Dennis D. McDonald (ddmcd@outlook.com) is an independent consultant located in Alexandria Virginia. His services and capabilities are described here. Application areas include project, program, and data management; market assessment, digital strategy, and program planning; change and content management; social media; and, technology adoption. Follow him on Google+. He also publishes on CTOvision.com and aNewDomain.

Google will Sell Print Newspaper Advertising

By Dennis D. McDonald

According to Saul Hansell in the November 6, 2006 nytimes.com article Newspapers to Test Plan to Sell Ads on Google, Google is initiating a test program with the participation of major U.S. newspapers to sell print advertising in the newspapers via Google's online ad sales network.

It may seem odd for Google to be selling print ads, but this program makes a lot of sense for both sides:

  • Newspapers are steadily losing print advertising revenue as other media heat up and Google has mastered the art of online sales. Google in theory could provide an additional source of advertisers to newspapers who might not otherwise have advertised in the targeted newspapers.
  • Google wins as it enters into a new market that may not be competing with its current markets and moves itself along towards  a (hypothetical) goal of becoming master of all advertising in all media. (I know that's farfetched but let's assume that's the case.)

Of course, the devil is in the details:

  • Initially Google won't be charging for this service. When it does start charging we don't know what the newspapers' reaction will be. (My guess is that newspapers will swallow the charges since they are desperate for print advertising.)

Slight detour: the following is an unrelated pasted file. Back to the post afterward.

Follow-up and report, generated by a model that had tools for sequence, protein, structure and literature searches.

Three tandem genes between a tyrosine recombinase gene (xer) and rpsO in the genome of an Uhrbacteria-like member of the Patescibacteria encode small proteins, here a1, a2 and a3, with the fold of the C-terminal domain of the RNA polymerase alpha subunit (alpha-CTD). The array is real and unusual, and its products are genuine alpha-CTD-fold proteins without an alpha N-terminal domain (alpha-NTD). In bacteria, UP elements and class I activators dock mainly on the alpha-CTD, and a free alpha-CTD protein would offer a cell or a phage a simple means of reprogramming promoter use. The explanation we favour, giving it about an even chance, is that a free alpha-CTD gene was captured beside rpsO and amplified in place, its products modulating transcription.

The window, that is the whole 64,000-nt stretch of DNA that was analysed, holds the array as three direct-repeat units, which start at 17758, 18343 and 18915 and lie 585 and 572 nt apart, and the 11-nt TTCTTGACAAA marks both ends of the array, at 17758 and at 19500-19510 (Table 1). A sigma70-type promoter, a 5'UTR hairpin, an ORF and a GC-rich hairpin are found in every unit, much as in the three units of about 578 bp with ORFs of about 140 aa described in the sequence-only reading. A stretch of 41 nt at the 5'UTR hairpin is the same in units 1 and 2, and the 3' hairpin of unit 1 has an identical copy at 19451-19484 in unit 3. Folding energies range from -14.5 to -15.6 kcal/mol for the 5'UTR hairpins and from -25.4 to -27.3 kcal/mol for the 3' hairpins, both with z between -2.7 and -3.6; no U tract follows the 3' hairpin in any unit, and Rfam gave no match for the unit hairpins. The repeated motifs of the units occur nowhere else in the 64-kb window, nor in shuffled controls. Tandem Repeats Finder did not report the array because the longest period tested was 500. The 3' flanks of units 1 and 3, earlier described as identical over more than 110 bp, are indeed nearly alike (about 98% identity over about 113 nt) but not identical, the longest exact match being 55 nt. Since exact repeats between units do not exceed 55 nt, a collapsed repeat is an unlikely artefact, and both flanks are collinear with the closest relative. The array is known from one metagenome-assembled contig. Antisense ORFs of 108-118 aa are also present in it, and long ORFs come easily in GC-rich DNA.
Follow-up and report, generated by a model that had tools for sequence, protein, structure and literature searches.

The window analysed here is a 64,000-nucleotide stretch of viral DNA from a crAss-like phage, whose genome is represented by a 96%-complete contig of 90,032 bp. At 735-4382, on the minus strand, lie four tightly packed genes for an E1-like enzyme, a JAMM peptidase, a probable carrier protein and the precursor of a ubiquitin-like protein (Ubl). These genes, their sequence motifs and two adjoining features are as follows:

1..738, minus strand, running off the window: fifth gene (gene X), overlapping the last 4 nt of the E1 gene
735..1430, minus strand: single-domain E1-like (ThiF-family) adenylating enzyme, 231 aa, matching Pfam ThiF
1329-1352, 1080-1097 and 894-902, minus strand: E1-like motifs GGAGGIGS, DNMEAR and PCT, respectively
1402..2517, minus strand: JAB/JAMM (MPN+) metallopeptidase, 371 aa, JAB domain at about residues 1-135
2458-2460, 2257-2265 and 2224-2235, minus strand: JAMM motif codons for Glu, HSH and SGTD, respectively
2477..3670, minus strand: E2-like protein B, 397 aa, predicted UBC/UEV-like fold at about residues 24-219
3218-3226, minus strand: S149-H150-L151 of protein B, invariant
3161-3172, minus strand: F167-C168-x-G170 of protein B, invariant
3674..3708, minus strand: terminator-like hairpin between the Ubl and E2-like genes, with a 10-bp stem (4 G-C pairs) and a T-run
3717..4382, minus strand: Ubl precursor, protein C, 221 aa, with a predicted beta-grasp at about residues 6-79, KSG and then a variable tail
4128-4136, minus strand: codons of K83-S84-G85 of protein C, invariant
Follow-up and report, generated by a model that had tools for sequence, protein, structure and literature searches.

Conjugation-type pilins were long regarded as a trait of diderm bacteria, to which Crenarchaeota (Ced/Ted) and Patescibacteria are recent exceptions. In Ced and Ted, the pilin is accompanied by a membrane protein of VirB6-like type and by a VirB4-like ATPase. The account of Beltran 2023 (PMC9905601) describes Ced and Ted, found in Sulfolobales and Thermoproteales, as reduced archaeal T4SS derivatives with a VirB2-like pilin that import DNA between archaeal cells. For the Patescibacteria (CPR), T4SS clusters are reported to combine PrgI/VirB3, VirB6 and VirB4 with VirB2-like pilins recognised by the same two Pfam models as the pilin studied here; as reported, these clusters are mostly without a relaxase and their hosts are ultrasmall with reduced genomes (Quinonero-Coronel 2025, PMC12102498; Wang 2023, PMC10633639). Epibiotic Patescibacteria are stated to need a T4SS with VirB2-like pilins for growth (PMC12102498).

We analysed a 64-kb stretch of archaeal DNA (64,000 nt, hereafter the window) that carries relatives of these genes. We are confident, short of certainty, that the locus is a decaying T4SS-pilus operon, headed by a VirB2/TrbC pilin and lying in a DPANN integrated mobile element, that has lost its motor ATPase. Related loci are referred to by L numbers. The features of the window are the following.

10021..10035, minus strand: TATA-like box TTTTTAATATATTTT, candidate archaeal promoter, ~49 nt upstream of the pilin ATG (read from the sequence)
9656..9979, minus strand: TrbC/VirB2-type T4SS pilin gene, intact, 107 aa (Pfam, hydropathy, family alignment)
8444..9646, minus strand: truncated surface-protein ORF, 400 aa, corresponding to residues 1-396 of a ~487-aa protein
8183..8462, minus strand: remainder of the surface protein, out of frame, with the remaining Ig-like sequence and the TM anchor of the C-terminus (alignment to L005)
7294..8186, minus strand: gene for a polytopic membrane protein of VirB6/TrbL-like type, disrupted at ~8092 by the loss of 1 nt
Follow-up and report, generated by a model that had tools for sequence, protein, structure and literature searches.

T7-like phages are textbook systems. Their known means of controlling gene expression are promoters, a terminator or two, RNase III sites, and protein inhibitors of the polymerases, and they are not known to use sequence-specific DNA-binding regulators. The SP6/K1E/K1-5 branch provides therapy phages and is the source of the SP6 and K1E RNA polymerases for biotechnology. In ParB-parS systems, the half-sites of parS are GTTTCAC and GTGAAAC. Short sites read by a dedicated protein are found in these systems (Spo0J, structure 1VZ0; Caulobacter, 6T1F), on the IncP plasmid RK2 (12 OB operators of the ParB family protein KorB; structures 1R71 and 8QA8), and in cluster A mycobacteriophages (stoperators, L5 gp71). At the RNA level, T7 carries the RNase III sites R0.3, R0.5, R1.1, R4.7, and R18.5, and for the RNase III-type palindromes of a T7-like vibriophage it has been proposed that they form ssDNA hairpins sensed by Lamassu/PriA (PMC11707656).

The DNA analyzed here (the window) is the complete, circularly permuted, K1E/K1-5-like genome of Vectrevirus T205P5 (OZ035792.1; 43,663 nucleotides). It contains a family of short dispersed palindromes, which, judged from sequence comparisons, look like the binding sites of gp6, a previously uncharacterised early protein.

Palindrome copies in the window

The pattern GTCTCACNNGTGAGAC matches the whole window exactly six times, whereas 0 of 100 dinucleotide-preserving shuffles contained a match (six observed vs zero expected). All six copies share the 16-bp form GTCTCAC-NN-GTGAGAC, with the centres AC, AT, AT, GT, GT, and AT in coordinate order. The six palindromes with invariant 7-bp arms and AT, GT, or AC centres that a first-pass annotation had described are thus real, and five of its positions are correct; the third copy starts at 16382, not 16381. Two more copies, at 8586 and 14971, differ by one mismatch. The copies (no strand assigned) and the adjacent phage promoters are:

• There is a lot of hand holding in newspaper advertising sales, especially local advertising. It is often necessary for newspaper production departments to assist in creation of ads when 100% camera ready copy is not supplied by the client. What are the ad production details of this new service?
  • What will be the reactions of advertising agencies and media placement services, the traditional intermediaries in print ad sales?
  • How will the newspapers' advertising sale staff react, especially those where sales commissions play an important  role in compensation plans?
  • Will Google need to overcome the plethora of ad dimension standards used by different newspapers?

Bottom line: if you wanted to shake up the landscape of the newspaper advertising business, you couldn't have come up with a better way. The question is, will this move end up being disruptive, transformative, or evolutionary?

I don't know, but I wouldn't bet against Google on this one.

 

 

 

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